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Departments of Gastroenterology and Pathobiology, Cleveland Clinic, Cleveland, Ohio 44195Department of Medicine, Cleveland Clinic Lerner College of Medicine of Case Western Reserve University, Cleveland Clinic, Cleveland, Ohio 44195
* This work was supported, in whole or in part, by
National Institutes of Health Grants
DK-25541 (to R. W. H.) and
HD-042154 (to S. C. K.). The costs of publication of this article were defrayed in part by the payment of page charges. This article must therefore be hereby marked “advertisement” in accordance with 18 U.S.C. Section 1734 solely to indicate this fact. 1 A Trainee on the National Institutes of Health Metabolism Training Grant DK-21859 at Case Western Reserve University School of Medicine.
Triglyceride synthesis in mammalian tissues requires glycerol 3-phosphate as the source of triglyceride glycerol. In this study the relative contribution of glyceroneogenesis and glycolysis to triglyceride glycerol synthesis was quantified in vivo in adipose tissue, skeletal muscle, and liver of the rat in response to a chow diet (controls), 48-h fast, and lipogenic (high sucrose) diet. The rate of glyceroneogenesis was quantified using the tritium ([3H2]O) labeling of body water, and the contribution of glucose, via glycolysis, was determined using a [U-14C]glucose tracer. In epididymal and mesenteric adipose tissue of control rats, glyceroneogenesis accounted for ∼90% of triglyceride glycerol synthesis. Fasting for 48 h did not alter glyceroneogenesis in adipose tissue, whereas the contribution of glucose was negligible. In response to sucrose feeding, the synthesis of triglyceride glycerol via both glyceroneogenesis and glycolysis nearly doubled (versus controls); however, glyceroneogenesis remained quantitatively higher as compared with the contribution of glucose. Enhancement of triglyceride-fatty acid cycling by epinephrine infusion resulted in a higher rate of glyceroneogenesis in adipose tissue, as compared with controls, whereas the contribution of glucose via glycolysis was not measurable. Glyceroneogenesis provided the majority of triglyceride glycerol in the gastrocnemius and soleus. In the liver the fractional contribution of glyceroneogenesis remained constant (∼60%) under all conditions and was higher than that of glucose. Thus, glyceroneogenesis, in contrast to glucose, via glycolysis, is quantitatively the predominant source of triglyceride glycerol in adipose tissue, skeletal muscle, and liver of the rat during fasting and high sucrose feeding.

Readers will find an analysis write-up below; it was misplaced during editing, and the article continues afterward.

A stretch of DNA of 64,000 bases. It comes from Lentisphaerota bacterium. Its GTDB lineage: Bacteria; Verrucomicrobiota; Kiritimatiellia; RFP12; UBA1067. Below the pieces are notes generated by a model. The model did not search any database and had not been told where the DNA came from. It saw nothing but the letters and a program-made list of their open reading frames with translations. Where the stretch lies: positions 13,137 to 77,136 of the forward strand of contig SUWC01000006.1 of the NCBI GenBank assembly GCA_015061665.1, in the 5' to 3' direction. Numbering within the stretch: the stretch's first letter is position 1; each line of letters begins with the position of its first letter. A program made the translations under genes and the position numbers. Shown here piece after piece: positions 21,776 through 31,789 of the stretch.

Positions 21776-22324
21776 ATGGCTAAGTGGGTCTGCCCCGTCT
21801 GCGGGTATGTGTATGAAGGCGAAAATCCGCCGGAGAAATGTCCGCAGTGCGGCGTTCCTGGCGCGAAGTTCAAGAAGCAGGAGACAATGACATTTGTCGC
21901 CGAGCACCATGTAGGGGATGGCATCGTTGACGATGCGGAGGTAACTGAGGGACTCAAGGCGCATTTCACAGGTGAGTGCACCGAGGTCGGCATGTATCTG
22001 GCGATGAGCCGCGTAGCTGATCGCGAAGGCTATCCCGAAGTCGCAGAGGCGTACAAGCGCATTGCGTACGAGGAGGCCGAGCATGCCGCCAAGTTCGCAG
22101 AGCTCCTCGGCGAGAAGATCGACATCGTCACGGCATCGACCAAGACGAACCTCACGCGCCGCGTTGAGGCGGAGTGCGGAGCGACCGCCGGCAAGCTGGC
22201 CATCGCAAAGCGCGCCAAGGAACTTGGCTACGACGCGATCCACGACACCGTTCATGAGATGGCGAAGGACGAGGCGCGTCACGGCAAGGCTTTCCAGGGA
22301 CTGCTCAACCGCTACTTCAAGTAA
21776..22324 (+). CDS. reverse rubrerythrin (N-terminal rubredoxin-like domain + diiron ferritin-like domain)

Triglyceride synthesis is critical for the accretion of fat and for the transport of lipids in the blood. In addition, triglyceride synthesis is an essential component of the triglyceride-fatty acid (TG-FA)
). Glycerol 3-phosphate (G-3-P) and fatty acyl-CoAs are the substrates for the synthesis of triglycerides. G-3-P can be formed by phosphorylation of glycerol via glycerol kinase or by the reduction of dihydroxyacetone phosphate via G-3-P dehydrogenase. Dihydroxyacetone phosphate can be derived from either glucose or pyruvate. Glycerol kinase, although highly active in the liver, is present at low activity in adipose tissue and skeletal muscle (
). Glucose is generally considered to be the major carbon source for the synthesis of G-3-P in white and brown adipose tissue, skeletal muscle, and liver. However, the relative quantitative contribution of glucose and pyruvate (glyceroneogenesis) has not been examined systematically in vivo.
Glyceroneogenesis, the de novo synthesis of G-3-P from precursors other than glucose and glycerol (i.e. pyruvate, lactate, alanine, and citric acid cycle anions) has long been suggested as a potential pathway for triglyceride glycerol formation in adipose tissue (
). The cytosolic form of phosphoenolpyruvate carboxykinase (GTP) (PEPCK-C) (EC 18.104.22.168), which catalyzes the GTP-dependent decarboxylation of oxaloacetate to form phosphoenolpyruvate, is a key regulatory enzyme in glyceroneogenesis. Ablation of PEPCK-C expression in adipose tissue resulted in mice that have a reduced fat mass, with some of the animals displaying lipodystrophy (